Open Access publishing: The pros and cons

Open access (OA) refers to publications which are free to read, download, copy, distribute, print or search (, 2017). This relates to any paywall free publication from academic journals to entertainment (e.g. music and film streaming). Like many digital innovations, OA has its advantages and disadvantages which will be discussed in this post with particular attention on the impacts for content producers.  

The Advantages

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Increased access/distribution; increases the opportunity for authors to have their work  exposed to a bigger audience; giving them publicity and helping them share their message/research. I believe this benefit is highly beneficial for the education industry (see below).

Open Access advantaged in Education-2
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The infographic below explains the two types of OA publication. One of the main reasons it is faster to publish online, is not having to rely on printing hard copies.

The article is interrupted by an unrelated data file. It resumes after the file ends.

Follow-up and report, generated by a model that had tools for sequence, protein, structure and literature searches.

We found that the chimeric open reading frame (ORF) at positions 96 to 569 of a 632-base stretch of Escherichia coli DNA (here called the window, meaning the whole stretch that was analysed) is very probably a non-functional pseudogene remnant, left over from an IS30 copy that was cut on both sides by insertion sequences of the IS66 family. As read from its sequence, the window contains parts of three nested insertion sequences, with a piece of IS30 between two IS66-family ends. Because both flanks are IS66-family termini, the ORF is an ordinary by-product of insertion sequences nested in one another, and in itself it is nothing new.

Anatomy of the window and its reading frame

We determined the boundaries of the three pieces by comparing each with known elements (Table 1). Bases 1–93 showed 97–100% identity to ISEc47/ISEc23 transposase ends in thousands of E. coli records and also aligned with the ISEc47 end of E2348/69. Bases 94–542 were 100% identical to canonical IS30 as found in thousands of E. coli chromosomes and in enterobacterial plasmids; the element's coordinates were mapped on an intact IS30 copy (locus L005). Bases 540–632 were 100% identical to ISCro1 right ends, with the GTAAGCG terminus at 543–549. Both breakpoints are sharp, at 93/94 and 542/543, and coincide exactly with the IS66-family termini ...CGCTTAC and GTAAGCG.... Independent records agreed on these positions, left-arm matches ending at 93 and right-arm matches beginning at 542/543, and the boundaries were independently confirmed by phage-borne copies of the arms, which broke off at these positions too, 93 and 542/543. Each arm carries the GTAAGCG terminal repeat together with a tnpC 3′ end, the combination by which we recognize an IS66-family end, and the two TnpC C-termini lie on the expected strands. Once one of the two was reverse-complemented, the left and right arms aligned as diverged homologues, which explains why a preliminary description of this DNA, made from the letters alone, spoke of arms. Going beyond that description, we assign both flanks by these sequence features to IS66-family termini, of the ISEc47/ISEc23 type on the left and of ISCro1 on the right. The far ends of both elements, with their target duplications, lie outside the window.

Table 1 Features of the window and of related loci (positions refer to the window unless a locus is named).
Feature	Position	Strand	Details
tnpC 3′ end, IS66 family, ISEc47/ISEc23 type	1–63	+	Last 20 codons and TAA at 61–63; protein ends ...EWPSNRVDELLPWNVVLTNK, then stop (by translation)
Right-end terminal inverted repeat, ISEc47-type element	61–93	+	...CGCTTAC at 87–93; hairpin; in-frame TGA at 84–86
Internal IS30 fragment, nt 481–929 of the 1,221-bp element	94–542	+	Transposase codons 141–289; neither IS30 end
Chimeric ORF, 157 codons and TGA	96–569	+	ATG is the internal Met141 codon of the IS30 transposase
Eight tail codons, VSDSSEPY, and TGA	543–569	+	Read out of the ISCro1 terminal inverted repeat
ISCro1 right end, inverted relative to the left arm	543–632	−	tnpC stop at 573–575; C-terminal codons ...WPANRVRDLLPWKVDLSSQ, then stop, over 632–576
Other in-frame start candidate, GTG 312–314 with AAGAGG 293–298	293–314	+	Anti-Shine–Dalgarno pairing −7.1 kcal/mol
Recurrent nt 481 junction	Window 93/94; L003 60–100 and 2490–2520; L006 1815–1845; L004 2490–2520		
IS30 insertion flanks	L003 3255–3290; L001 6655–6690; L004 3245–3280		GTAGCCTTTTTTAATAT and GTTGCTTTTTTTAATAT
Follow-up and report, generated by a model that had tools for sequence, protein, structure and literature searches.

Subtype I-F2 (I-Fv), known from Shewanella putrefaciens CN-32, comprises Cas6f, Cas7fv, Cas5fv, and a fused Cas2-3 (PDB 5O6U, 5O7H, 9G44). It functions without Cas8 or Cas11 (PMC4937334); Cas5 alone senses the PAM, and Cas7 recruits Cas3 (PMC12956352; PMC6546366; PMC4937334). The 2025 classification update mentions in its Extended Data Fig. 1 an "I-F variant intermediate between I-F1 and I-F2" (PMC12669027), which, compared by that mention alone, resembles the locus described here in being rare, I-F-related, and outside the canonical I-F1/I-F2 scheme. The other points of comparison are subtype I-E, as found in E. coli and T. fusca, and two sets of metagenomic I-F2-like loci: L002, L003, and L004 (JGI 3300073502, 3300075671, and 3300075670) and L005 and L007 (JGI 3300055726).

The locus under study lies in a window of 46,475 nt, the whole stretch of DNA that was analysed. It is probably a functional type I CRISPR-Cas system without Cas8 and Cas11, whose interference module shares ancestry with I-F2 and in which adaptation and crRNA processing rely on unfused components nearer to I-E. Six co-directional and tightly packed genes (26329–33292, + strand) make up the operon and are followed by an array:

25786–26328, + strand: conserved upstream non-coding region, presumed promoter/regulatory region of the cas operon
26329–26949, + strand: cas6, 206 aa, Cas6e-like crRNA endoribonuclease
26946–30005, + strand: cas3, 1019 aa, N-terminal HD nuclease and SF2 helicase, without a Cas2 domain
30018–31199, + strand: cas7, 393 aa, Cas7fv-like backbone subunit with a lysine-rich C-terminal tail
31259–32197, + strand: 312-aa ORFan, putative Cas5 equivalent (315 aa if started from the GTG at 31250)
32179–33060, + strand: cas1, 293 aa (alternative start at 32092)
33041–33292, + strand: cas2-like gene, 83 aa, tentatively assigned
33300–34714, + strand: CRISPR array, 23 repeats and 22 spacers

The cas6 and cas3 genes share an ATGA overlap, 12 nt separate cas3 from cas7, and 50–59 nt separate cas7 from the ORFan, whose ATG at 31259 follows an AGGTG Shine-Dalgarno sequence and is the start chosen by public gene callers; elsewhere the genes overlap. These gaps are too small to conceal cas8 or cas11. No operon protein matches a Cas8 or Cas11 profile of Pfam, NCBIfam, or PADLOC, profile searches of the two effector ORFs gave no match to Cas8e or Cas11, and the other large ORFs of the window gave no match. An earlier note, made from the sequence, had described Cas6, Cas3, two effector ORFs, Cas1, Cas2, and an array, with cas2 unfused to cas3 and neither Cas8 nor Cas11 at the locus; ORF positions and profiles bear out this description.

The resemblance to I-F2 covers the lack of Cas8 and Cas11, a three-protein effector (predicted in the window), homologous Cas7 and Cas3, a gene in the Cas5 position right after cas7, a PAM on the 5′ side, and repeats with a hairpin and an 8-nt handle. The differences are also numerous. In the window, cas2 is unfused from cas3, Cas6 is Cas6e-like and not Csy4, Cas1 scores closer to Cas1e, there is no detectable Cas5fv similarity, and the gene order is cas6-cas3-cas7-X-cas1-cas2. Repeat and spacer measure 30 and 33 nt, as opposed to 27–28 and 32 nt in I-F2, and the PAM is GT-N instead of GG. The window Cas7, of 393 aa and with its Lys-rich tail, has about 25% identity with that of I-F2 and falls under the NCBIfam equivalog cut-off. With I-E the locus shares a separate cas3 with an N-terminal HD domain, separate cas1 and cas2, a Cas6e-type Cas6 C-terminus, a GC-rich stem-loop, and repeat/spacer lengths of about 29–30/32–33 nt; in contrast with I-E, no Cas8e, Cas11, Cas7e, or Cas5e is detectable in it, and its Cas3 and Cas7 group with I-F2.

Gold Open Access
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Some OA journals offer a discounted/waived publication fee for papers from countries classified as low-income (Geib, 2013) which benefits authors in LEDC’s.

Fast and easier publication is valued by artists in the music industry as streaming means there is no need to be signed to a music label; creating ease of sharing their work – see Chance’s success story below.


I believe the most valuable benefit for authors is having insight about their work as this enhances decision making. For artists this enables informed decisions around production and promotion. 

The Disadvantages 

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Slideshow information taken from (, 2017)